“I think it’s interesting that Bud Light was willing to sacrifice one of their characters, essentially, in the service of another advertiser, another company,” Boyd added. “I don’t think that’s a really common thing, but Budweiser is facing decreasing market share like a lot of standard older corporations, so I think they were willing to do something to shake things up.”

Among the evening’s other notable ads according to Boyd:

Walmart’s spot that featured a number of famous fictional vehicles – including Scooby Doo’s Mystery Machine, KITT from “Knight Rider,” Ecto-1 from “Ghostbusters,” and the flying DeLorean from “Back to the Future” – all traveling to the store to utilize the store’s pickup service.

“I don’t think of Walmart as super creative. They’re pretty much, ‘Come here because we’re cheap,’” Boyd said. “But in that case, they showed some creativity that, at least in the group I watched the Super Bowl with, they were surprised to see and engaged by it. Kind of like the Stella ad or the “Game of Thrones” ad, it seemed to really draw people’s attention to the screen if they had started to converse.”

Hulu’s commercial promoting the third season of “The Handmaid’s Tale.”

“The people who are excited about ‘Toy Story 4’ or who are looking forward to the next ‘Avengers’ movie, they were engaged by those movie ads, but there wasn’t anything revolutionary about them,” Boyd said. “The only exception to that was ‘The Handmaid’s Tale’ ad that sort of hijacked the Ronald Reagan’s ‘Morning in America’ political ad from 1984 and turned it into something that was leading into ‘The Handmaid’s Tale.’ And so that was another one that started out as one thing and ended up as something that was quite different.”

* Amazon’s “Not Everything Makes the Cut” ad featuring Harrison Ford – only 60 seconds of which aired on TV compared to the full, 90-second version that is available online. Boyd found the messaging in the shorter version confusing, which exemplifies a contextual hurdle that advertisers face when editing down longer spots.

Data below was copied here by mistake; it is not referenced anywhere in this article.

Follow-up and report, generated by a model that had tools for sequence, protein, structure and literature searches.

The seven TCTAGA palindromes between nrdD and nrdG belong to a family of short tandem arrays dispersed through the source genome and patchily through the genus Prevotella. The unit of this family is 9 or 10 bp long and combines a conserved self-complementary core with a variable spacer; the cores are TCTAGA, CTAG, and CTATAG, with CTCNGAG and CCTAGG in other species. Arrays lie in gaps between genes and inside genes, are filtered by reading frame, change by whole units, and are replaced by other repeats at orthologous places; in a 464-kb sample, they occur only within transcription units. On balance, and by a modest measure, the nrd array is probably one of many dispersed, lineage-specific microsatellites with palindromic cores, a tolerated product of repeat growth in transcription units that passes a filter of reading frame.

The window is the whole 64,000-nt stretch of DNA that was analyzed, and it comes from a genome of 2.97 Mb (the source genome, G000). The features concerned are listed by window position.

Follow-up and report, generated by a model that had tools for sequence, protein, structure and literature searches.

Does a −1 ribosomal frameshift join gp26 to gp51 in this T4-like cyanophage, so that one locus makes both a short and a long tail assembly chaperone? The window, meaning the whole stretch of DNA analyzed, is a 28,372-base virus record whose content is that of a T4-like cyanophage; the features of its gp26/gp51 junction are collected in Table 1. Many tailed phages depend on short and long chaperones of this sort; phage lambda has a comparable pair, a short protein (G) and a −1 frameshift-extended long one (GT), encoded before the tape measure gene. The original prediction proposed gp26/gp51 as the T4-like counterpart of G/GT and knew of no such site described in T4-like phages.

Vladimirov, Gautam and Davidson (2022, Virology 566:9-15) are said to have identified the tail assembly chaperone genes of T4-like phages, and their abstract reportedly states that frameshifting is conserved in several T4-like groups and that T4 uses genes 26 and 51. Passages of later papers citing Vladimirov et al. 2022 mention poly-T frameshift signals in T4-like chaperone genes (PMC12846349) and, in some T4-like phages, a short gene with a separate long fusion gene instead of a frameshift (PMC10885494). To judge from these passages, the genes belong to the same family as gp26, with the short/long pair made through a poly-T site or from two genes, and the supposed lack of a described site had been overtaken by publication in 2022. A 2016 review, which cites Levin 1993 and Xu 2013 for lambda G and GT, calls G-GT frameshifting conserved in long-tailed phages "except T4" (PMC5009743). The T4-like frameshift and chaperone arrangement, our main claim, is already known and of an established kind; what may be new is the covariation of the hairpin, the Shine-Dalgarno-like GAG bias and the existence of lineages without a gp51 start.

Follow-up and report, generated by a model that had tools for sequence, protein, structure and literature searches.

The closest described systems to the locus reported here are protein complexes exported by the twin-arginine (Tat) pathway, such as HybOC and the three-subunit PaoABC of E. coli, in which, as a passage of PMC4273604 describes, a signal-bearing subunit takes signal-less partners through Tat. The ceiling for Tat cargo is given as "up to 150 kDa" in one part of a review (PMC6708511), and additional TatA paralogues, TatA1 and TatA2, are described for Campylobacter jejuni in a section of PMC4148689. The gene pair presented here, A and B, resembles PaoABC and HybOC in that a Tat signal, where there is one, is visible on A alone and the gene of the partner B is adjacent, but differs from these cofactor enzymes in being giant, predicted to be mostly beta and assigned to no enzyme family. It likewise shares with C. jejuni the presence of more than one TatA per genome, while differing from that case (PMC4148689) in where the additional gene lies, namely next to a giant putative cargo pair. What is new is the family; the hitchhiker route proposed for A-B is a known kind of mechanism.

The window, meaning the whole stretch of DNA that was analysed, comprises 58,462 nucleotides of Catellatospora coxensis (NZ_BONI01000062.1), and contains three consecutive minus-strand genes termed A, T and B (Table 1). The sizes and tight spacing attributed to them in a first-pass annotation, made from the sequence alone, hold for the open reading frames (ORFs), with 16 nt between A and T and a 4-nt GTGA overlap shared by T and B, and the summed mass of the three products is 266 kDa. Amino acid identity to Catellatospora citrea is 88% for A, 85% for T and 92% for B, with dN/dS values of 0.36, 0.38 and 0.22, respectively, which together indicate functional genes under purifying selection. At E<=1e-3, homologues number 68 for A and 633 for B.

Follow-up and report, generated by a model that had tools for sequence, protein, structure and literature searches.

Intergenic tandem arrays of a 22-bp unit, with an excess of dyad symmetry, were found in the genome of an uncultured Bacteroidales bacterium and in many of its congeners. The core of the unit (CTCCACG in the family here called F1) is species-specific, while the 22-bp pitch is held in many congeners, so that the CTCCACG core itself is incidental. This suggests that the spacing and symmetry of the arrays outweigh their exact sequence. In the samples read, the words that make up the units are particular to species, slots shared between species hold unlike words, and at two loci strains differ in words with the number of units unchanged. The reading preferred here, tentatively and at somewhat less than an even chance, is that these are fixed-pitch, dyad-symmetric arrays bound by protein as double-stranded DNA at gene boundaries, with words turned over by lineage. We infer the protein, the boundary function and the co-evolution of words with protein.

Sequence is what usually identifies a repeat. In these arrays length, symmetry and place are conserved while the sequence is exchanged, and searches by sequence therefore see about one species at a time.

“It seemed a little bit random with that cut-down,” Boyd said. “So the whole idea of how much time do you need when time is so expensive for an ad, I think it’s a challenging one sometimes for advertisers to find an answer for.”

It’s certainly a challenge, but the payoff can be huge when a Super Bowl ad resonates. Even with viewership dipping to a 10-year low for the Super Bowl, it still pulled in around 100 million viewers. In an era where TV networks are bleeding viewership, an audience that large – especially one that actively watches the commercials – is immensely valuable.

“It is so far-and-away the most-watched program of the year in America every year that even if its numbers decline, it still gets two or three times more viewers than the next-closest thing,” Boyd said. “I think that’s just hard for advertisers to pass up because with audiences so fragmented, so many different delivery methods, so many people watching Netflix and Hulu and things that have no commercials – or at least it’s easy to skip the commercials – that a time where people are actually paying attention and commercials are part of the story.

“They’re paying attention to them, it’s harder for them to skip, they’re in social settings where they’re not just going to watch them, they’re going to engage and talk about them with other people.”